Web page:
We recently hosted two US students visiting the UK on the “People to People” programme. Our children’s school plays host to the “Homestay” section of the programme. The US students stay with a UK family with kids of around the same age, go to school with them and generally experience everyday life in the UK.
One of the fascinating thing as a parent is observing how the US and UK kids discover and then overcome their cultural differences. Our school uniform always causes comment, especially the blazer. The US kids get asked to say words like “awesome” and we normally are amused about our garden being called a backyard.
Observing this made me think of the differences I see in culture between teams when I’m facilitating.
It’s often the case that solving a process problem needs a team made up of all the parties who take part in the process. These different groups can have very differing cultures which make the facilitators role more tricky. In large organisations even teams from the same department can have specific cultures.
Examples of different cultural types that you may encounter include:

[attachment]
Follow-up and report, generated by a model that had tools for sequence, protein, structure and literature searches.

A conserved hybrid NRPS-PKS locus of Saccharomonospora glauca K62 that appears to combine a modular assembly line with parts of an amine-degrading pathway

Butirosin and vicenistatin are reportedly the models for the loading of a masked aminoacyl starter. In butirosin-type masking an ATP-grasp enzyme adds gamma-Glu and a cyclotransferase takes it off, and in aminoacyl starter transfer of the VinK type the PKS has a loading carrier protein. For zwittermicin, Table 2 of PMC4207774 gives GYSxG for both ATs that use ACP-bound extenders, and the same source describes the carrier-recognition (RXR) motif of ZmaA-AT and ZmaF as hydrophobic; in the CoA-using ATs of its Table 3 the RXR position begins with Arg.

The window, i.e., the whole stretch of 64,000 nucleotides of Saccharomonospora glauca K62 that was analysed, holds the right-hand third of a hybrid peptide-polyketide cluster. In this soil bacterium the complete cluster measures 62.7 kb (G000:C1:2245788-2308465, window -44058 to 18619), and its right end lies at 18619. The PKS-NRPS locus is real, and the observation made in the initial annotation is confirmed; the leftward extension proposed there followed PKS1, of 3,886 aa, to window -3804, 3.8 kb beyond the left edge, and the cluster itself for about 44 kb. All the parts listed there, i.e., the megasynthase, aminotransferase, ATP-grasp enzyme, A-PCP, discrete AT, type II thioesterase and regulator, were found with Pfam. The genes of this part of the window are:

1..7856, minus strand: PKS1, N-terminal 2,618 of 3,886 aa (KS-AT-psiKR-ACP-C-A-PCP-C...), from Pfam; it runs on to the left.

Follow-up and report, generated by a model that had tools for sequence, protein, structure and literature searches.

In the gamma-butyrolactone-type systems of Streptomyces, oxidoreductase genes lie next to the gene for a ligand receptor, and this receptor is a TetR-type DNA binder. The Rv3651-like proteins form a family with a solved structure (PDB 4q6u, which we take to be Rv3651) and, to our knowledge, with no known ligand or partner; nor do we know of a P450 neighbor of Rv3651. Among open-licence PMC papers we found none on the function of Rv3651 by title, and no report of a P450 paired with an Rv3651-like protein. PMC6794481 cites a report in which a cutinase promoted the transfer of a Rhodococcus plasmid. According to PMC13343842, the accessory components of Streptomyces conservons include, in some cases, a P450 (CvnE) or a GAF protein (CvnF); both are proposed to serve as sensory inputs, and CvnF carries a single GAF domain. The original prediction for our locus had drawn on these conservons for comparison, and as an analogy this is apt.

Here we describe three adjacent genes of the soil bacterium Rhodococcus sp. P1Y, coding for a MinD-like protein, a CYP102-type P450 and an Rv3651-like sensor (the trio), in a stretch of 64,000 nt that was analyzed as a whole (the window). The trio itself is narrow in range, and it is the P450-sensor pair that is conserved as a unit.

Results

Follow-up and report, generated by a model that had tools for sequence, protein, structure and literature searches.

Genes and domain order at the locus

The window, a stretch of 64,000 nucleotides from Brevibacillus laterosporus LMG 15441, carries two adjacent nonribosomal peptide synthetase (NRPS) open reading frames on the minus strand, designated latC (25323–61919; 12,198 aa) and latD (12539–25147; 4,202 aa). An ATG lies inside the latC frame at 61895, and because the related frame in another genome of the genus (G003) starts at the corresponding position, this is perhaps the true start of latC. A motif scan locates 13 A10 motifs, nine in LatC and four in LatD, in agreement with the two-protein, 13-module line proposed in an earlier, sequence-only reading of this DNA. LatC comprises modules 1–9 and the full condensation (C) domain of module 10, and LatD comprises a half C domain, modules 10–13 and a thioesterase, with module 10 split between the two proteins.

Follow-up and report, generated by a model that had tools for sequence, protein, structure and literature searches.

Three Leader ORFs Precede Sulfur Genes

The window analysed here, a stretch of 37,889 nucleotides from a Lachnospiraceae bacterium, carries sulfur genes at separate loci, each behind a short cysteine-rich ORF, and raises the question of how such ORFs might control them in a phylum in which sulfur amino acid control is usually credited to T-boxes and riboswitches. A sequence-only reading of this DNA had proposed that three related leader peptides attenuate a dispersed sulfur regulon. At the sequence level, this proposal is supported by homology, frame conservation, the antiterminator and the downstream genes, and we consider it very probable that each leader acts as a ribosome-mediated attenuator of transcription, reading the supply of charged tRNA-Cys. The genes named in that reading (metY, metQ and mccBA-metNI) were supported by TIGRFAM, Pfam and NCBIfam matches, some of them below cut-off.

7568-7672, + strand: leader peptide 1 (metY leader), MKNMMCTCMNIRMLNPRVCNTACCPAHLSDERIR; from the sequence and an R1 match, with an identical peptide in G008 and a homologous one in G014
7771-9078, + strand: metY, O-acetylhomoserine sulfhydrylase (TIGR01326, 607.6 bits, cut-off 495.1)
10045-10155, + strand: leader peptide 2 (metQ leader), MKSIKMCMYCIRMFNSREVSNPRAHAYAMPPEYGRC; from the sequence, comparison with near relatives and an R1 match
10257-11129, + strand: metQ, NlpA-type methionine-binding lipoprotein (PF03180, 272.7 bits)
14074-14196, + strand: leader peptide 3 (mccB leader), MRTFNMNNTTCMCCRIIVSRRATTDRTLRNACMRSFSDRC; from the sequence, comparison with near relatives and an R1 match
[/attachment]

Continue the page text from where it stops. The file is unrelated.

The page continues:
|High flying executive teams||Can tend to use lots of jargon and avoid the details of a problem|
|Marketing and media teams||Can be full of ideas, but may be difficult to engage in technical problems|
|Call centre staff||May be less qualified and motivated and less willing to speak up in meetings|
|Site based maintenance and operational staff||May be very vocal and likely to call a spade a spade!|
|Research scientists||Can be very theoretical and may have less ‘real world’ experience|
|Engineers||Can be practical and not willing to engage in softer, people issues|
So what can be done to bridge these differences and move forward? Here are some tips distilled from my experience:
- Ensure that all participants understand each other – jargon and acronyms may either not be understood or have a different meaning
- Use the different viewpoints and attitudes as ways to bring different perspectives to a problem
- Don’t get drawn into the battle, make sure you stay impartial and be even handed
- Spend time working with the group to develop a common view of what the group wants to achieve. If there are major differences find the smaller things the group can agree on and work on these first
- Set out the room to make people mix and have a separate area for coffee during breaks. If people have to interact, then you start to break down their preconceptions about each other
- Make sure you have ground rules that include showing respect, listening to ideas from all, being open to new ideas and supporting the aims of the group. These need to be enforced right from the start, do not let one group get their soapbox out and start lecturing the others
- Encourage opinions and viewpoints from all participants
What strategies do you use?